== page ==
A 4 digit mechanical combination lock is designed so that a person trying to break into your locker (a padlock hacker) would have to try on average 5,000 combinations (104/2). That’s about 2-5 hours work, which is a big investment in time, and before the hacker exhausts all iterations he or she may well be caught in the act.
Computers perform millions of meaningful mathematical operations a second. But some sequences of operations still take a long time, measured in minutes, hours, days or even years. A computer trying to guess an 8 character password or sequence of passwords by brute force could take several hours. (In any case the security software would detect that someone is trying lots of combinations and shut them out.)
One of the ways to foil hackers is to ensure that the effort in working through combinations to break into a system is just not worth it. CPU processing costs time and resources. You need the hardware, network connectivity, power, and time to do the hack before being detected, and hackers may need to work on many accounts or passwords at once.
A common hacking target is to break into a digital ledger of transactions and place fake transactions that funnel money to the hacker’s own account. If a legal account holder tries to adjust transactions in their own account that’s also hacking. Banks and other custodians of financial ledgers have increasingly sophisticated systems to prevent such doctoring of transactions.
In the case of cryptocurrencies (e.g. bitcoin) there’s no centralised data management. The entire ledger gets distributed to everyone in the network, with names and other details encrypted so that you can only really read details of your own transactions.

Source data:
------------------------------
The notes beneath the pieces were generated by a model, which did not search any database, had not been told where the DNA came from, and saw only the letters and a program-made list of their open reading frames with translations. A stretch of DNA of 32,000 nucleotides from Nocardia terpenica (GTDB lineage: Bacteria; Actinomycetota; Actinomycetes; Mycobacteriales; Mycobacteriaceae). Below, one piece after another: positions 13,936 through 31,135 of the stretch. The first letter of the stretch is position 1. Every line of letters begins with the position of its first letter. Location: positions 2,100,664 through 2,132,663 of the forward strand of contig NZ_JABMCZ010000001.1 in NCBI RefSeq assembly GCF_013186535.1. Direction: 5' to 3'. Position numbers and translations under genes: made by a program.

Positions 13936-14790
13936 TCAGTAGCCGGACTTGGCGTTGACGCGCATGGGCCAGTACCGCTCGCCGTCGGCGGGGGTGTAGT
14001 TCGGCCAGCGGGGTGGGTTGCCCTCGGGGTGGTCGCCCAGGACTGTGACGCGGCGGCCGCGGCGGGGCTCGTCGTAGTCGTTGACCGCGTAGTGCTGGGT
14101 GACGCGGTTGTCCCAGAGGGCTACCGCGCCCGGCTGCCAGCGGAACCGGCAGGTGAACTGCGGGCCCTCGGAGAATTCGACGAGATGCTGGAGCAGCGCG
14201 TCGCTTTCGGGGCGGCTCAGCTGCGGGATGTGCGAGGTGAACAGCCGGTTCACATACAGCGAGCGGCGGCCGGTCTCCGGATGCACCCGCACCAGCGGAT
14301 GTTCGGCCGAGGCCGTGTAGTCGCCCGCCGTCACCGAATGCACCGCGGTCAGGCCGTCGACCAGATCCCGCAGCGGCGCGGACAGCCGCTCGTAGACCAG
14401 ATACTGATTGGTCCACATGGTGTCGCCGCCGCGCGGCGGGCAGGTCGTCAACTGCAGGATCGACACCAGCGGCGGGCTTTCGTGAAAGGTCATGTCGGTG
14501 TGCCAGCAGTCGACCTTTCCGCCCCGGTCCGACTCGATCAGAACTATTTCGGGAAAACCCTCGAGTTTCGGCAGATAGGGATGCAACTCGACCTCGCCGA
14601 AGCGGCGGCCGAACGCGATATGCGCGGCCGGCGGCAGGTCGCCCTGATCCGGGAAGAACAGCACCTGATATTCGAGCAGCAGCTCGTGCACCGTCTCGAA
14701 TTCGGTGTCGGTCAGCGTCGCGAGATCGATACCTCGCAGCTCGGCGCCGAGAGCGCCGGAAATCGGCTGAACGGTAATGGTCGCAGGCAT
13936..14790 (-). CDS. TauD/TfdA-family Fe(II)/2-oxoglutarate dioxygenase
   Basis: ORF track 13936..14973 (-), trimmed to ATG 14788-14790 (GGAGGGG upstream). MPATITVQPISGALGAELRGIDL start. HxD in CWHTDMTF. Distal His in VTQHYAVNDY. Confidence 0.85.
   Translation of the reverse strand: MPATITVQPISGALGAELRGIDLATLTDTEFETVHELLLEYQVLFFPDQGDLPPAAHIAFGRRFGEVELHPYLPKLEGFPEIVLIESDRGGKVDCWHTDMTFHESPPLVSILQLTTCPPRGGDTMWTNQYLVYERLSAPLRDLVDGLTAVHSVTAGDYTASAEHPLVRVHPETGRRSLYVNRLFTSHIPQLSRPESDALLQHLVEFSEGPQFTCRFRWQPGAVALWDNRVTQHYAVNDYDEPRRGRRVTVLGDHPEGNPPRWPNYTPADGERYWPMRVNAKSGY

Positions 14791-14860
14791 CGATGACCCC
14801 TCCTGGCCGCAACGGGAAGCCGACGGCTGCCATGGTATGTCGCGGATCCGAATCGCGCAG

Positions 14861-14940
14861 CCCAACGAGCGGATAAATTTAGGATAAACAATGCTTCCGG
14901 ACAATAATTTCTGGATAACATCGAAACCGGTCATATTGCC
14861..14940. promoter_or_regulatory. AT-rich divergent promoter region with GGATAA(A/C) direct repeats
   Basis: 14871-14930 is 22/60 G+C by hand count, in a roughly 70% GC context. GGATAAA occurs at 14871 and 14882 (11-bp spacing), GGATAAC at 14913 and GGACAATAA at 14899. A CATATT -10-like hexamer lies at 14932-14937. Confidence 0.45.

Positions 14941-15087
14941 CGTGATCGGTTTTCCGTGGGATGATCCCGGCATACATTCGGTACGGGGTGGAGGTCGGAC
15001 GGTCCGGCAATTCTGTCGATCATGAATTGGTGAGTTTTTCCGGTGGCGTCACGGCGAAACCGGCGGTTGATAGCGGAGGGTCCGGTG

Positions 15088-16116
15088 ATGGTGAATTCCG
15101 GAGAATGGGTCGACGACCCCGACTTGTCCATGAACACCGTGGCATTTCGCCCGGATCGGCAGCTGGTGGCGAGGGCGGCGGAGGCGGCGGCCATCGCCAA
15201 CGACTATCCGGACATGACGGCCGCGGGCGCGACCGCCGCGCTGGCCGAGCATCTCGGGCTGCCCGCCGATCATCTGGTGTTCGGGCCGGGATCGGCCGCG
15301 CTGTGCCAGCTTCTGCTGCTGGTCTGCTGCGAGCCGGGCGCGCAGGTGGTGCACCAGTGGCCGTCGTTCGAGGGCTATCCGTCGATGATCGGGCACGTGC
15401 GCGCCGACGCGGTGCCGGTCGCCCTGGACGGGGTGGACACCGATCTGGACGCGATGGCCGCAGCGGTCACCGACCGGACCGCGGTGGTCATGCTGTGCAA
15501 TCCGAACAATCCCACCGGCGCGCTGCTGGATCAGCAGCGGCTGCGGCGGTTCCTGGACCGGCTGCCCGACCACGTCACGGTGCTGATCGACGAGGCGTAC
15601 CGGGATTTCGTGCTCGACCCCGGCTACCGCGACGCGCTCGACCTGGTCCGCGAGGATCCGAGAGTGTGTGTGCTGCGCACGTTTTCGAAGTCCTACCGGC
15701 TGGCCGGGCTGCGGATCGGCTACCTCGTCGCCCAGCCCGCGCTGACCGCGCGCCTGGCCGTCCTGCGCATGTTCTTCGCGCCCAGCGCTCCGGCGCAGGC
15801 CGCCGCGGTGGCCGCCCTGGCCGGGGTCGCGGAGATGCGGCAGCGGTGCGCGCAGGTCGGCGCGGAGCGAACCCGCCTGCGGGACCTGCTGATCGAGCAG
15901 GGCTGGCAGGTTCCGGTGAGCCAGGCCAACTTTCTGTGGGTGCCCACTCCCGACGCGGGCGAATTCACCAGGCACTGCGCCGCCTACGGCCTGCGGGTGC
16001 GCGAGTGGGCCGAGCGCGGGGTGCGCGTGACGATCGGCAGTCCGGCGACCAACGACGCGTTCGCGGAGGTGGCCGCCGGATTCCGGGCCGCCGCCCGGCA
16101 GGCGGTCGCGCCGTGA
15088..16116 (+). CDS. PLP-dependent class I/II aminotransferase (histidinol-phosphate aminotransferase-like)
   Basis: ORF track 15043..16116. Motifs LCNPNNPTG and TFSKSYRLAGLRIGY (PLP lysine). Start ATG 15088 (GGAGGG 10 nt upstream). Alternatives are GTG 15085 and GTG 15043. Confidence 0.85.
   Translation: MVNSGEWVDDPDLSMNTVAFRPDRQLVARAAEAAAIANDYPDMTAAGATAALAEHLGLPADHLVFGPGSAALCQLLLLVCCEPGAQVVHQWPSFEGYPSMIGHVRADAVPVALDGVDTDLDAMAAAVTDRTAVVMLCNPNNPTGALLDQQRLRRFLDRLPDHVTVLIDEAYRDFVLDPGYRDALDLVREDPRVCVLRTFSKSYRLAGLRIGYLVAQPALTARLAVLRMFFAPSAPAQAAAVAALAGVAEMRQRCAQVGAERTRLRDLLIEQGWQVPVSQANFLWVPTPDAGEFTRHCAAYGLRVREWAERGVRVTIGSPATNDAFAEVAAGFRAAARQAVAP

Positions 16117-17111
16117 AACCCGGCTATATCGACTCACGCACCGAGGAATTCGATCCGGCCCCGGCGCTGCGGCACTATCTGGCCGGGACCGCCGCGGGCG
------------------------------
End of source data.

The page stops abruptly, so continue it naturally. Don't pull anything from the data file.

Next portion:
The problem with a shared ledger is that anyone (a hacker, attacker or even a regular customer) could plant bogus transactions. The method for avoiding this is to make it hard to hack, i.e. the hacker would have to expend so much CPU resource that it’s either impossible or just not worth the effort.
One of the means of making it difficult to make changes to a database (e.g. a ledger) is to set up an arbitrary computational puzzle for anyone involved in adding legitimate transactions to the ledger. A hacker would have to expend even more CPU effort than legitimate users to make alterations. The challenge that draws on CPU time and energy gets coded into the ledger. As the ledger grows it gets densely packed with difficulty — the further back in time you go. Older transactions are “immutable,” i.e. virtually impossible to change. See previous posts: Immutable data and Wasting time in the bit economy.
I’ll attempt to explain the anti-hack puzzle in the next post.
- Nakamoto, S. (2008), ‘Bitcoin: A Peer-to-Peer Electronic Cash System’. Bitcoin. Available online: https://bitcoin.org/bitcoin.pdf (accessed 19 June 2017).
- For an interesting explanation and application of cryptocurrency technology see: Maxwell, Deborah, Chris Speed, and Larissa Pschetz. 2017. Story Blocks: Reimagining narrative through the blockchain. Convergence: The International Journal of Research into New Media Technologies, (23) 1, 79-97.